ETFs surpass hedge funds in AUM

Jul 21st, 2015 | By | Category: ETF and Index News

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Exchange-traded funds have reached another milestone, overtaking the hedge fund universe in terms of assets under management (AUM), reports ETFGI, a specialist research and consultancy firm focused on ETPs.

According to ETFGI, the total AUM of the over 5,800 globally listed ETFs reached $2.971tn at the end of June. A similar report into the global reach of hedge funds, released by Hedge Fund Research Inc in Chicago, revealed total AUM of $2.969tn.

Greater asset levels recorded in ETFs than hedge funds

Strong ETF growth rates have expanded the ETF global asset base beyond the quantity backing hedge funds

While hedge funds have a longer history (some would perhaps argue their inception originated in the 1920s bull market in the US), ETFs have enjoyed a recent history of heavy proliferation. According to Deutsche Bank, the growth of global ETF assets averaged 28% per annum over the 10 year period to 2014.

The market is largest in the US, with US-listed ETFs (the main exchanges are NYSE, Nasdaq and BATS) accounted for 73% or nearly $2tn in AUM at the start of 2015. European-listed ETFs are expanding rapidly, though, with expected growth between 15%-20% for this year.

Emerging /developing countries, still largely untapped on any scale, potentially offer massive growth opportunities for the ETF industry.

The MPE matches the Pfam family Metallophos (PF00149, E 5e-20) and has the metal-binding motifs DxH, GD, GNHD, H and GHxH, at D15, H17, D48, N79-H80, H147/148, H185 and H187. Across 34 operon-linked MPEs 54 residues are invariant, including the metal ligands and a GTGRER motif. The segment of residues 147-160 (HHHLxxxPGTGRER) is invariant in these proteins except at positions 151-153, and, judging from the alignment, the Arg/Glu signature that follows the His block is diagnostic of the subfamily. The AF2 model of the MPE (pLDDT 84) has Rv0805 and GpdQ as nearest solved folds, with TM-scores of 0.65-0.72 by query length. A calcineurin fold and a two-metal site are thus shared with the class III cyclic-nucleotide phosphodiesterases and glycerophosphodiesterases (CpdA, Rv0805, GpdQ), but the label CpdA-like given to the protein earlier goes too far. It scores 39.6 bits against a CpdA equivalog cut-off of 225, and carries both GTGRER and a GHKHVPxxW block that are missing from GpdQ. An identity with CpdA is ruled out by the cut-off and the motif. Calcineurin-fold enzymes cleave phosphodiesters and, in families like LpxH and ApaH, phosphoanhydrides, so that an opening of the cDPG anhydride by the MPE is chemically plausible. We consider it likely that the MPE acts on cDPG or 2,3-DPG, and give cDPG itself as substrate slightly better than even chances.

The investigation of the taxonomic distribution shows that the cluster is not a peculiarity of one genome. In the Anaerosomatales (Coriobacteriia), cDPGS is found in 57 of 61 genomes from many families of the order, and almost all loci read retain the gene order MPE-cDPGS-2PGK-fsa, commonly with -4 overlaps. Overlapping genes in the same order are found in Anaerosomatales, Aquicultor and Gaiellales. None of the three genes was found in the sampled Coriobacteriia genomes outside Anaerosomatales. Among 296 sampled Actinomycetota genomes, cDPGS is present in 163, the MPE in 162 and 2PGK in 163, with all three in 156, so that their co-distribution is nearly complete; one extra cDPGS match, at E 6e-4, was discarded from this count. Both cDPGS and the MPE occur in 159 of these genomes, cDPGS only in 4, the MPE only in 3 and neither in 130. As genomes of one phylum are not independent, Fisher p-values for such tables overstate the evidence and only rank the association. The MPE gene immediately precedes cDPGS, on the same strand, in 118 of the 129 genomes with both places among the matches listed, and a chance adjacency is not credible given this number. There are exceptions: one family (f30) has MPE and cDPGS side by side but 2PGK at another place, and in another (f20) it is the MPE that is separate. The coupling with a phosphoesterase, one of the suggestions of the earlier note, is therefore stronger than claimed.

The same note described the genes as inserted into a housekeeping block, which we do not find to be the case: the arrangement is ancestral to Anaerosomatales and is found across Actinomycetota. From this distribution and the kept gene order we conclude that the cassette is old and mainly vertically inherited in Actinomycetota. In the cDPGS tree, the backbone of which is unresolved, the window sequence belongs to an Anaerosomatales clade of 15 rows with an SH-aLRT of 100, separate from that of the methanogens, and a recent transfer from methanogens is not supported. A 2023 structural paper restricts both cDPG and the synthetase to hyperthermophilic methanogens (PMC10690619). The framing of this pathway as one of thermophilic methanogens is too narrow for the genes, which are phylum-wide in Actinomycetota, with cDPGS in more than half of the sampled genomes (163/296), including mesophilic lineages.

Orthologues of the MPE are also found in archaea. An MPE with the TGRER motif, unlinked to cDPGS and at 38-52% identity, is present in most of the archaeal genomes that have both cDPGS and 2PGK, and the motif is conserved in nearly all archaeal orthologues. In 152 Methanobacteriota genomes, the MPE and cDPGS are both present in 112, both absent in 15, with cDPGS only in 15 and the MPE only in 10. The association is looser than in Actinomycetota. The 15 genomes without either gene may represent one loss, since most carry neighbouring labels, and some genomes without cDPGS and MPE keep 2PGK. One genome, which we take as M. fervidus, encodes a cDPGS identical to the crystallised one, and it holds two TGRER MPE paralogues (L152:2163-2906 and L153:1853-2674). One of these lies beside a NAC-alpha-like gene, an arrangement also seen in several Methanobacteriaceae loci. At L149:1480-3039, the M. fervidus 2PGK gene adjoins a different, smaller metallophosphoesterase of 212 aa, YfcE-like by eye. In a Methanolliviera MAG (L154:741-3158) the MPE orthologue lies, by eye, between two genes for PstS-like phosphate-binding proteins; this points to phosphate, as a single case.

Two of the biggest factors that will affect the growth rates of ETFs in the future include establishing an efficient centralised settlement system in Europe (cross-border settlements can currently cost up to five times the price of settlement in the US), and reducing liquidity concerns in emerging markets.

ETFs have become increasingly popular due to a number of inherent structural characteristics: low costs, transparency and reliable index tracking. Lower costs, especially compared to hedge fund fees, are a clear benefit of these instruments. According to ETFGI, the average expense ratio for an ETF is 0.31%. Hedge funds typically charge an annual 1.5% of AUM and charge an average performance fee of 20%, although this could be as high as 50%. This has prompted Warren Buffett to call the fee structure “grotesque”, arguing that it incentivises managers to take on undue risk.

Despite this high fee structure, many experts show that hedge funds often don’t deliver their expected returns. “What hedge funds say they’re going to do is give you better performance,” says Deborah Fuhr, founder and managing partner of ETFGI. “You’re paying a lot more money and, often, you’re not getting high alpha relative to the market.” This can be especially true in strong bull markets.

Typically, the types of investors who use ETFs or hedge funds are quite distinct. Whereas ETFs are used broadly by a wide range of institutional and retail investors, hedge funds have historically been used by sophisticated, “qualified” investors only. However, ETFs that replicate the performance of hedge funds have also been created, allowing investors to gain hedge fund-type exposure, but at lower costs.

Both sectors continue to see increased investor demand, although current ETF growth and prospects far surpass that of hedge funds. In the first half of the year, hedge funds netted $39.7bn of new assets while ETFs recorded net inflows of $152.3bn.

Most industry commentators expect ETFs to quickly pull ahead and extend their lead over hedge funds.

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